Every patient of mine gets my cell phone, so I text them pictures also of their nose. And then you stay in recovery room for about an hour, then you go home. Most patients, even if they have a three or four hour trip back home, can drive home, well, they get driven home. They can go home that day. Some of our patients come from farther and they stay in an Airbnb or a hotel. Also very easy, they just need to have somebody with them to take them to the hotel.

When you get home, what you’re gonna see is that you have a lot of swelling, your cheeks, your nose, and your eyes. For your eyes, they typically peak in bruising and swelling around day three, and then it comes down quite quickly. I typically will see patients at one week to remove cast and suction, which we’ll talk about in a second, but by that time, most of the bruising and swelling around the eyes is already gone. You might have a faint little red or a green or yellowish area right here, but that’s about it.

The cheeks and the nose are still quite swollen. And so this is what I tell patients all the time about swelling. Your nose, when we take off your cast at one week, well, it’s actually back up. For that first week, what you feel like is a bad cold. Most patients don’t have a whole lot of pain. We give them pain medication with a narcotic, but they rarely need it. Most of our patients have told us that they just use it for sleeping at night, for the first night or two. Tylenol is more than enough for most patients.

But the cold feeling is really just about being heavy on your face and feeling super stuffy. We don’t use packing, but it still gets swollen and you still have a lot of mucus and old blood in your nose. So we have patients use a sinus rinse or saline in the nose and it helps them remove some of this stuff. I don’t want you to blow your nose for the first three weeks because there’s a risk of a nosebleed afterwards. It’s about one to two percent.

And if you blow your nose, that risk goes up a little higher. So we have patients not blow their nose, but instead use saline to wash stuff out. You can breathe a little bit through your nose, but when I see you at one week, what we first do is we first take off sutures, second, we vacuum out the nose. This gets patients breathing so much better afterwards. And then finally we take the cast off. And the cast reveal is something that everybody knows about, but what they don’t know is that the side view looks awesome. It always looks on point. Sometimes there’s a little, like, you know, if there was a big hump and the skin hasn’t really shrunk down onto the nose, sometimes there’s a little bit of a fullness in where the hump used to be, but that’s about it. In general, it looks great. From the front, it looks pretty swollen. And here’s how it goes for the most part, over the course of a year or two or three, technically.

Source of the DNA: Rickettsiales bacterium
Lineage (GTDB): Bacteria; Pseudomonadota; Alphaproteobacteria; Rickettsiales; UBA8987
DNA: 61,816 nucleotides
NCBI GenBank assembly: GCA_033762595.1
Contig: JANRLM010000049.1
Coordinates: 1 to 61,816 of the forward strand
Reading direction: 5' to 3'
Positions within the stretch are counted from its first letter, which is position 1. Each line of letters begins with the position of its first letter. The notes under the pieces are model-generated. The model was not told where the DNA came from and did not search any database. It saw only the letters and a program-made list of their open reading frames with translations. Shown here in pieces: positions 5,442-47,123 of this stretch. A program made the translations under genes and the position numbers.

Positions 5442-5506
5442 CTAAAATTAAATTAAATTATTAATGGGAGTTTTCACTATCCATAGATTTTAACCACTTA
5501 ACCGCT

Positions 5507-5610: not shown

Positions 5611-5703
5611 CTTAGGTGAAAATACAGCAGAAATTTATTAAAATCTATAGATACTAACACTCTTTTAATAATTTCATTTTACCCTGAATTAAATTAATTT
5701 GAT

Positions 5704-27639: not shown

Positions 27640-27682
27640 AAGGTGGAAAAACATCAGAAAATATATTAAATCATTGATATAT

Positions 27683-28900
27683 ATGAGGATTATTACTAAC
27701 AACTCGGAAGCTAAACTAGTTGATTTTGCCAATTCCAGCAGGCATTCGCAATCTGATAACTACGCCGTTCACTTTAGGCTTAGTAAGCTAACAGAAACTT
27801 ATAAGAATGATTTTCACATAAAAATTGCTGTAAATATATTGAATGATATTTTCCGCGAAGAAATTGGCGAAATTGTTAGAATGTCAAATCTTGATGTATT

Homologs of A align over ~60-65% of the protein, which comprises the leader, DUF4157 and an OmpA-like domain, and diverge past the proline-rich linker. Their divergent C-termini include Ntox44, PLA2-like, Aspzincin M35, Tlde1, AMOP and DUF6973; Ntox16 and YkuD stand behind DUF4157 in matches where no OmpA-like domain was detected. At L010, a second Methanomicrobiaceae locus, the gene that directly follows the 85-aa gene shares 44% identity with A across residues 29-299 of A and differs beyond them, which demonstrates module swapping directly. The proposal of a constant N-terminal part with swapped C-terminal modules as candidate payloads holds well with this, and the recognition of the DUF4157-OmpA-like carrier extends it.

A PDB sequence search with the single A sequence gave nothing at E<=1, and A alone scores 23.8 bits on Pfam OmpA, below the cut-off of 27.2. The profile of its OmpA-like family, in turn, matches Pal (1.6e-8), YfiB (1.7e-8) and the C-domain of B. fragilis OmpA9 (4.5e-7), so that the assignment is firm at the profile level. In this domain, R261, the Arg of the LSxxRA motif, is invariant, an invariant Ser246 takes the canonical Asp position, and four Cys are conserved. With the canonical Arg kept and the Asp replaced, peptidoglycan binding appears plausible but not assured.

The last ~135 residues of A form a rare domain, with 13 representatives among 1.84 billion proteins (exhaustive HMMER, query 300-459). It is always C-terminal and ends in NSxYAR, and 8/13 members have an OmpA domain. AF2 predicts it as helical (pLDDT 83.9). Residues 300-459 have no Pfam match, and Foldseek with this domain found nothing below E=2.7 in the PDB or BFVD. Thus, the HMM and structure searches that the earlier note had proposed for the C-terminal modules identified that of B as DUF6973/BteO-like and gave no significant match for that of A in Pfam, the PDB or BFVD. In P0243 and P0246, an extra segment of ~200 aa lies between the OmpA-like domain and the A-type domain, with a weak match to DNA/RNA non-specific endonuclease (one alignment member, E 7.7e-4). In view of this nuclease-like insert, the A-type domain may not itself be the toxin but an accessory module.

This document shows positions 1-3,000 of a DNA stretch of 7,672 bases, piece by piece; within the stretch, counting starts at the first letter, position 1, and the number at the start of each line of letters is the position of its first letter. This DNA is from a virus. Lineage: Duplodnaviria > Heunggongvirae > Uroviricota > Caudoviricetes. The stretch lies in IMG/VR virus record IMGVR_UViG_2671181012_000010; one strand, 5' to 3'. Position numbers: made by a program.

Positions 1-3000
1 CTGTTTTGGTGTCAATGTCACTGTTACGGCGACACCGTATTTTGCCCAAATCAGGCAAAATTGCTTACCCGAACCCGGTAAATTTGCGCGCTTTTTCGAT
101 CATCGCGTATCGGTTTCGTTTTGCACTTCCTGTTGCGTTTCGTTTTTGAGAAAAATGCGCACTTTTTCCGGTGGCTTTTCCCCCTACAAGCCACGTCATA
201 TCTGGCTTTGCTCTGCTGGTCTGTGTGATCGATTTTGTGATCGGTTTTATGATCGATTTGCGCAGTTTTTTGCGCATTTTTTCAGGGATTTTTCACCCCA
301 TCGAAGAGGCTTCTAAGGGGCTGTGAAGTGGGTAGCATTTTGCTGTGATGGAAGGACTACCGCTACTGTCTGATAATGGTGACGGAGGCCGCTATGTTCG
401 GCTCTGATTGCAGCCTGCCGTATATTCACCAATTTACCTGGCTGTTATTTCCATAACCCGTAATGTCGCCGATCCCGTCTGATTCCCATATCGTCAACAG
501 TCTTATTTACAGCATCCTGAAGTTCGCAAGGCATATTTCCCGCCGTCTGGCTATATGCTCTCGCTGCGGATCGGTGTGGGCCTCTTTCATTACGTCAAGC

If your nose was gonna be about this big when all the swelling is gone, it’s about this big when we take your cast off. And as it comes down, it comes down about 50% over two months. So it doesn’t just do this though, it does this. So there’ll be days where your nose might look a little bit this way or this way. It’s just all part of the process. It’s easier said than done, but it is part of the process and you just have to trust the process a little bit.

A lot of things can affect that variability in swelling, sun exposure, salt intake, exercise, temperature. I’m sure other foods can also affect that. But those are things that on a day-to-day basis you might notice. Even from midday to afternoon and morning, your nose might look slightly different. Not massive changes that other people around you are going to notice, but you’ll notice them for sure. So about 50% at two months, 60% at three months, 80% at six months, and 90% at a year.

So, the swelling comes down much faster in the beginning and it really slows down at the end. And what we tell patients is that they’re not done at the end of the year, but for most patients, we don’t need to see them after that. On occasion, we see patients for after a year if it feels like there’s areas of the nose that are being stubborn. The most stubborn areas of the nose for our patients or for any rhinoplasty patient is the tip and super tip. So this is a tip, this is a super tip.

So swelling typically resides right here and it just takes time for that to come down. So often we either have patients tape their nose or we use steroid injections, which for a moment it pinches, but then it’s easy and the swelling goes away within an hour or two from the injection. The effects of the injection can sometimes take four to six weeks and even longer. So we space them out a little bit so we don’t over inject.

But that’s the main thing that we deal with post-operative recovery with rhinoplasty is this swelling issue and you’d be surprised but even at a year at 90% swelling, me and the patient will definitely recognize that there’s little bits of swelling right here The tip definition really does get better over two to three years, but that is the last thing to come down It’s not major, but it’s just it’s noticeable to us.

When it comes to rhinoplasty recovery with restrictions, here are the restrictions that we have. Three weeks for blowing your nose, three weeks for lifting weights, four weeks for running, and four weeks for glasses. Now if you needed to wear glasses because you wear glasses daily, you can get something called the Rhino Shield. It’s a thin little silastic or plastic thing that you put on the nose and it just helps you rest the glasses evenly on the nose.

Those are the main things we deal with. Sometimes patients take medications that can thin the blood. I usually have them stop them seven to 10 days before and then resume them seven to 10 days afterwards. That’s it for rhinoplasty recovery. So if you have any questions, email us at info@njent.com or follow us on Instagram and message us. Take care.